This double switch-off arrangement is termed redundancy.
If the circuit is overloaded, the circuit breaker will interrupt the power supply to all outlets and appliances on that circuit. If the DC motor is defective and causes a problem, the wall switch can cut power to the ceiling fan.
If the ceiling fan is remote-controlled, this function may be disabled in case of a problem, thus necessitating the need to cut power at the wall-mounted switch.
An electrical contractor will always start the fault-finding process by cutting the power supply to the affected circuit at the electrical control panel. Using a multi-meter, the contractor will verify that no live electrical current is present in the circuit.
By process of elimination, the contractor will check all appliances and electrical outlets on the circuit where the ceiling fan failed. The ceiling fan can be safely removed and tested for internal faults.
Replacement with a new ceiling fan motor is easy. Using the multi-meter, the contractor will switch on the main circuit and check whether other appliances and outlets are functioning correctly.
Finally, the wall switch can be turned on, and the ceiling fan tested. The contractor will test whether the remote control functions work as intended.
It is also good practice to switch the ceiling fan off at the wall switch when not in use for long periods of time (like going on holiday), cutting the power to the motor and eliminating the risk of an electrical overload at the ceiling motor, thus in turn potentially a ceiling fan fire.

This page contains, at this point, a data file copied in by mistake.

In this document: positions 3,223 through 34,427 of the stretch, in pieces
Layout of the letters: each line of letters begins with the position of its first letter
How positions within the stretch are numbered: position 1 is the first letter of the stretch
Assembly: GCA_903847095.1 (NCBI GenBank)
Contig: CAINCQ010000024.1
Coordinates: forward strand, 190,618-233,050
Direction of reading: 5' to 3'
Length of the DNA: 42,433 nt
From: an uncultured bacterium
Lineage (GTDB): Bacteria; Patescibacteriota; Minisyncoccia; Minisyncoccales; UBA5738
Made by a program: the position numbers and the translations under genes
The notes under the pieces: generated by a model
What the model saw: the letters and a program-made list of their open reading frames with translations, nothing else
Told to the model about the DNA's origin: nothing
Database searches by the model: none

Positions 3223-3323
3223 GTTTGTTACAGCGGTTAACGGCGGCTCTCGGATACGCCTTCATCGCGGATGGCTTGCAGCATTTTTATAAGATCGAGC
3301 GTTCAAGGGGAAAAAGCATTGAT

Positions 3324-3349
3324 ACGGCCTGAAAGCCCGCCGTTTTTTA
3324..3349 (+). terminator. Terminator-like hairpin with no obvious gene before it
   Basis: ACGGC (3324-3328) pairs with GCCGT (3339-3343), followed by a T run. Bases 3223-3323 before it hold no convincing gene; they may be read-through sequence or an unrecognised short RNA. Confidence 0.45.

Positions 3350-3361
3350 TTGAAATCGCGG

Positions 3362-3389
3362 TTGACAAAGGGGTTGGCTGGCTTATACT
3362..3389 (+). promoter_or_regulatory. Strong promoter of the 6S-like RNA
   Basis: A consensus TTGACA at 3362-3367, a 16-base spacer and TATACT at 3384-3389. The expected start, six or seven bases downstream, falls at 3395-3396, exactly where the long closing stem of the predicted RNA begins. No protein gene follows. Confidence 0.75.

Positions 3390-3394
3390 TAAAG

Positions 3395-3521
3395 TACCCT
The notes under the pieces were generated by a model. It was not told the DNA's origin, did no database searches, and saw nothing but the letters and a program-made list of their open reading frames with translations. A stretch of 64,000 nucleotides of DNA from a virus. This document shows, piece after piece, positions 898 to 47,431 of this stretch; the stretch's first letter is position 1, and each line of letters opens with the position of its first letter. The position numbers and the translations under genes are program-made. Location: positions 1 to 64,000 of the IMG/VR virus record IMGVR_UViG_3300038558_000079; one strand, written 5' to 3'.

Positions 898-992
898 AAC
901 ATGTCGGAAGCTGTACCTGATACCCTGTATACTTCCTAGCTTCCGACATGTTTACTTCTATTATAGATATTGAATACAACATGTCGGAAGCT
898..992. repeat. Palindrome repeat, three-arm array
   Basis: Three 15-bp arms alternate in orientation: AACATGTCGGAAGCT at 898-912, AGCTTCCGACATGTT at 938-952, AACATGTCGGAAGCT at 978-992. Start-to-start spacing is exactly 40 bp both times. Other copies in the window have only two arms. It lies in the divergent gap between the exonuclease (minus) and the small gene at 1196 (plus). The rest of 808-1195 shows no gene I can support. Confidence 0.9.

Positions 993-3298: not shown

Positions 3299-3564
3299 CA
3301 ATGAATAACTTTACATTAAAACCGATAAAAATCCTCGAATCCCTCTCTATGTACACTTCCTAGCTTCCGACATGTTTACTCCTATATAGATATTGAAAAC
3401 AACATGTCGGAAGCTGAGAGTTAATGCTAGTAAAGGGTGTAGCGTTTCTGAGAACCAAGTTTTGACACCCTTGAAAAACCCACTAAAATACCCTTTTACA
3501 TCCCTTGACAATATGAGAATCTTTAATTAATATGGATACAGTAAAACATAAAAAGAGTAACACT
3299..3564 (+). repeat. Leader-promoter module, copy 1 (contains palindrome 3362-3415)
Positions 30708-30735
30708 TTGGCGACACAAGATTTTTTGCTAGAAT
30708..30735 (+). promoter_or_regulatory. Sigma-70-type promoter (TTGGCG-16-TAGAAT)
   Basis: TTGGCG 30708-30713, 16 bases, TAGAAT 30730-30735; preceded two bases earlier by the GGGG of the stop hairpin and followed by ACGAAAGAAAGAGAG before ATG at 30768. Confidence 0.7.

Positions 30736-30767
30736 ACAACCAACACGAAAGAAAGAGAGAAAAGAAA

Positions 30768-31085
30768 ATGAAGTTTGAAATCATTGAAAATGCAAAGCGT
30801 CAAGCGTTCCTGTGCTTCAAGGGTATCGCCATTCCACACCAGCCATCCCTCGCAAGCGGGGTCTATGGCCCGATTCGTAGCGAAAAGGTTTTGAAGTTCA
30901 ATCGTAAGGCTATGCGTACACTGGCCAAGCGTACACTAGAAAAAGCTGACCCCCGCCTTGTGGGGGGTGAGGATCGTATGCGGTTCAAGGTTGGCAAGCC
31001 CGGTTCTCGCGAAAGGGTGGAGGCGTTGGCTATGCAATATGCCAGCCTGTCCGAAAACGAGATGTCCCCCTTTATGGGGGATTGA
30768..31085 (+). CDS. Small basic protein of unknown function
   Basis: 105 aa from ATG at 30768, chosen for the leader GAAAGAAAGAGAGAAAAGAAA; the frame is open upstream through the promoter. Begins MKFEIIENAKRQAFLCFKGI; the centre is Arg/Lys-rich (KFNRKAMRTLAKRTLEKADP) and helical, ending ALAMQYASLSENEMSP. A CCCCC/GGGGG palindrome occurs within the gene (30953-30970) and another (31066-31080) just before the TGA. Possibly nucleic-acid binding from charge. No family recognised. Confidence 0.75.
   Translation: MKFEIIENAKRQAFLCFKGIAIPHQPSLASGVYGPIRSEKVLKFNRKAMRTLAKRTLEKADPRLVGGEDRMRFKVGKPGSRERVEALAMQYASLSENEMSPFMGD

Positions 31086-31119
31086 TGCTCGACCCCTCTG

Why Switch The Ceiling Fan Power Off At The Wall Switch?
Commercial and domestic power supply installations have redundancy built into the circuit designs to prevent the risk of electrocution or fire. Most household fires start as a result of a malfunction of the electrical system.
Ceiling mounted fans have electrical DC motors due to the power efficiency of these motors. The DC-powered motor is powered by 110V and 60 Hz AC power supply on the 15 Amp circuit for the ceiling lights and fans.
The incoming AC power will pass into a DC rectifier before powering the fan motor. This AC to DC rectifier is part of the ceiling fan circuitry. The rectifier gets hot during the conversion of AC to DC and may result in overheating, leading to fire.
Can You Just Use The Remote Control?
Many models of ceiling fans can be switched on and off with remote control. The remote control can also adjust the fan speed and switch the light fitted to the fan on and off.
Using the remote control to switch the fan off does not cut the AC power supply to the electrical circuitry of the ceiling fan control unit. The power to the ceiling fan control unit has to be switched off at the wall switch.
In case of an electrical failure, the remote control may not be operative, and the wall switch can be used as an over-ride switch to cut power to the ceiling fan.
Conclusion: Does A Ceiling Fan Need A Wall Switch?
The National Electrical Code (NEC) mandates installing a wall-mounted switch to cut the power supply to the ceiling fan when not in use.